Peace talks spark orgy of revenge

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The Independent Online
They buried 18-year-old Jumana Fahas yesterday as Israeli shells thundered across the villages of Kafra and Yater.

It was only hours since the Hizbollah's Katyushas had been fired into Galilee, killing a Frenchman and wounding eight civilians. Which was why, inShaqra, the dead woman's ghost village, there were to be seen just a clutch of Irish UN soldiers, one middle-aged man and a cat. Life in southern Lebanon is getting dangerous again.

It was the second time in three weeks that Israeli ordnance had claimed the life of a young Lebanese girl at Shaqra.

There was what the UN calls the "big picture", the geopolitical arguments and negotiations intimately related to this pointless war. On Tuesday, the Israelis and the Syrians are to restartpeace talks in Washington. And as always when peace is in the air, southern Lebanon explodes.

The sequence of events was easy to put together. On Thursday afternoon, the Shia Hizbollah militia in Shaqra fired two Sagger wire-guided missiles at an artillery compound held by the Israeli-controlled South Lebanon Army inside the Israeli occupied zone.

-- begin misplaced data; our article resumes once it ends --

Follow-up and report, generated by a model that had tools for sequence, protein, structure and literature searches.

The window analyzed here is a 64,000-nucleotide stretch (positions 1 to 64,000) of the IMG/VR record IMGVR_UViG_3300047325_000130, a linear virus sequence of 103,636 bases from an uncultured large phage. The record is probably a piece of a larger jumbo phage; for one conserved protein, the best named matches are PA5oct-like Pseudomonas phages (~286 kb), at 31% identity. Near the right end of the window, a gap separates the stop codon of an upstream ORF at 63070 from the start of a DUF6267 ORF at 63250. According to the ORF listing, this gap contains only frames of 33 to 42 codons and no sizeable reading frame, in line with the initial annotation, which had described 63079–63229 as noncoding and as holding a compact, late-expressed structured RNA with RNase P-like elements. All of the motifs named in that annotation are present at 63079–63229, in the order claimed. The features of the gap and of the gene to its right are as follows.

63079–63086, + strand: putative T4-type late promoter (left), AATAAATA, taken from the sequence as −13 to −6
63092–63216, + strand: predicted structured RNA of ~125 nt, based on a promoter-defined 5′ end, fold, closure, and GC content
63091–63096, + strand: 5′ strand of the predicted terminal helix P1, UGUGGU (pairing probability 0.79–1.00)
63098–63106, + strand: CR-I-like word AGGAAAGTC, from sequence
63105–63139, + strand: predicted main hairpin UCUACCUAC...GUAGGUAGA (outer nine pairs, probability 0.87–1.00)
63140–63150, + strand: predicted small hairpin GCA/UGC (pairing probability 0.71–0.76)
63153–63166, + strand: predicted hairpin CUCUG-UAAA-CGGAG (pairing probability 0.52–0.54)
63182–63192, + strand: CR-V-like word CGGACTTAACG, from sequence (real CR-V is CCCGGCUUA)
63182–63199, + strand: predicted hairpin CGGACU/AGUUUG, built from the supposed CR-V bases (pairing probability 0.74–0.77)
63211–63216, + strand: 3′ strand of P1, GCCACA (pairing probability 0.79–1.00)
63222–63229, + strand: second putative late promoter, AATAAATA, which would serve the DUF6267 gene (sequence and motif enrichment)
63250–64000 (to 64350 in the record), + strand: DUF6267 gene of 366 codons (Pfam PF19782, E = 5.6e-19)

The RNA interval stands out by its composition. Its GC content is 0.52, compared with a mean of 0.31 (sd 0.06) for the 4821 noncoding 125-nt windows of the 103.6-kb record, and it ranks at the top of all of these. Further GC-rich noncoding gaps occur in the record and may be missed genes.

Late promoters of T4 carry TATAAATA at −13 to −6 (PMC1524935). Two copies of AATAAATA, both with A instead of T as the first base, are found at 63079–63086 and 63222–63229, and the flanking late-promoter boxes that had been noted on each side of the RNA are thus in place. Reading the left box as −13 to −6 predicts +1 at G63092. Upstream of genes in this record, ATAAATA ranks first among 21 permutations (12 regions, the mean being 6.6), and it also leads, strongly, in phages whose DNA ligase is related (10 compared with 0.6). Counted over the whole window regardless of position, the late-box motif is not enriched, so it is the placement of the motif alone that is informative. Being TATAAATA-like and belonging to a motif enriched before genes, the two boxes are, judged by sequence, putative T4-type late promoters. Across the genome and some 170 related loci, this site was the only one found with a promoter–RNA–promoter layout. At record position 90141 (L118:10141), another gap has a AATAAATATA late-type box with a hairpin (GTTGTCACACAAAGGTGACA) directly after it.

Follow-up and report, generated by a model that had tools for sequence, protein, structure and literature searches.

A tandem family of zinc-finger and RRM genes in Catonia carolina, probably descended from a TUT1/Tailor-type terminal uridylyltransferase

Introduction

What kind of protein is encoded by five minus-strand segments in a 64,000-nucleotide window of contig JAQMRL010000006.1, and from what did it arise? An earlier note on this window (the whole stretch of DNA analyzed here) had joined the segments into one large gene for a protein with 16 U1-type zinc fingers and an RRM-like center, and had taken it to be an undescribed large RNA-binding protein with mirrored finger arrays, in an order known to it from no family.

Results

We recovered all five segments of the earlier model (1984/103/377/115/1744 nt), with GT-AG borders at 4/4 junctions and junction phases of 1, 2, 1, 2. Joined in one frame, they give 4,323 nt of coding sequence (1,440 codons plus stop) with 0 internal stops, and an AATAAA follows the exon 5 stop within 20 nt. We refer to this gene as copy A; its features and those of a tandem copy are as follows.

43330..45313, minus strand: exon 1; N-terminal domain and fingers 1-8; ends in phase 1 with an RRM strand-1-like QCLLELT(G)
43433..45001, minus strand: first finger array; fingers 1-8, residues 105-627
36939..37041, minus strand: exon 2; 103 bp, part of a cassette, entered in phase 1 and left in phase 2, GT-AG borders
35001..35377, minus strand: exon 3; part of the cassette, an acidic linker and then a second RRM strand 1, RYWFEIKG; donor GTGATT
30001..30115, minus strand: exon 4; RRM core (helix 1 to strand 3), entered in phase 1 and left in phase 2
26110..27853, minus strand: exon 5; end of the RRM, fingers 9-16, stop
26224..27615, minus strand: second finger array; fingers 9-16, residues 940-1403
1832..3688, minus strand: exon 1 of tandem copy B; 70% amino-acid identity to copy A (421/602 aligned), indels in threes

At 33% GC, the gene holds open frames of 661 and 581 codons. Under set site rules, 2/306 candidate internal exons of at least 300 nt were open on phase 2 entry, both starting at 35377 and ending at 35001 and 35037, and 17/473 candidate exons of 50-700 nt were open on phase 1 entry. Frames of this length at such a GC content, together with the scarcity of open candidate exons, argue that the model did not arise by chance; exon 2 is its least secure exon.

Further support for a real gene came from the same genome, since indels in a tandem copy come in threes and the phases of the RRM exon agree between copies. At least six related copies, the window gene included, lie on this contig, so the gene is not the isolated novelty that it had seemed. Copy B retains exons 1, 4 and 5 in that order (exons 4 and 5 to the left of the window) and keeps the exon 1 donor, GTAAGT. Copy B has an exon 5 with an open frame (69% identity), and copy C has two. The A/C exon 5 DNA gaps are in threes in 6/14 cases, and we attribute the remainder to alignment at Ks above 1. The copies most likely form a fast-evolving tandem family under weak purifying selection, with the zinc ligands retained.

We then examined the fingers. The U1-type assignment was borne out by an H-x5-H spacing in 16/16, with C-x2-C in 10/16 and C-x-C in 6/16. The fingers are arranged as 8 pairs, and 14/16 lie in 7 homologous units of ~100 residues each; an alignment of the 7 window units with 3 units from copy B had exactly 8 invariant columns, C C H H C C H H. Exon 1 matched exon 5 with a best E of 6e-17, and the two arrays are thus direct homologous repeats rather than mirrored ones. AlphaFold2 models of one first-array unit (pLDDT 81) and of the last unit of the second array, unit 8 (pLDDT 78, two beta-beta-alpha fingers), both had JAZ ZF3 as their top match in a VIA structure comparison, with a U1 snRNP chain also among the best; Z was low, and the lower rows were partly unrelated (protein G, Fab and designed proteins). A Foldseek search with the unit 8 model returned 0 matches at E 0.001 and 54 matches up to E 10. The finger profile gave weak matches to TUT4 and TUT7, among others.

The SLA sought revenge by firing 14 mortar rounds into Shaqra itself, eight of them fitted with proximity fuses which burst at head height to cause maximum casualties. The fifth round sent a chunk of shrapnel through the window of Jumana's home, cutting off the lower half of her face and almost severing her neck. She died instantly.

Just after dawn yesterday, the Hizbollah retaliated by firing at least 14 Katyusha missiles from the villages of Kafra and Yater towards the Israeli coastal town of Nahariya, killing the Frenchman.

Israel's retaliation was a torrent of shells back into southern Lebanon and air raids on two more villages east of Sidon. By dusk, the Hizbollah promised another revenge attack.

Jumana Fahas was a member of the Hizbollah's "girl scouts", but her father was a member of the more moderate Shia Amal movement, which blames the Hizbollah as much as the Israelis for the bombardments. So, as her body was taken from her house, Amal and Hizbollah mourners fought in the street over who had the right to bury their "martyr".

By then, Benyamin Netanyahu, leader of the Israeli opposition Likud party, was demanding that Syria disarm and disband Hizbollah as a precondition for Tuesday's Washington talks. He did not, of course, demand disarming the SLA and the withdrawal of the Israeli army from southern Lebanon - Hizbollah's condition for ending its "war of resistance".

But what nobody ventured to answer was: were these latest tragedies an attempt by Syria - via its Hizbollah allies - to pressure Israel to compromise at the talks? Or rather an attempt by Israel - via their south Lebanese allies - to force the Syrians to compromise? Or both?

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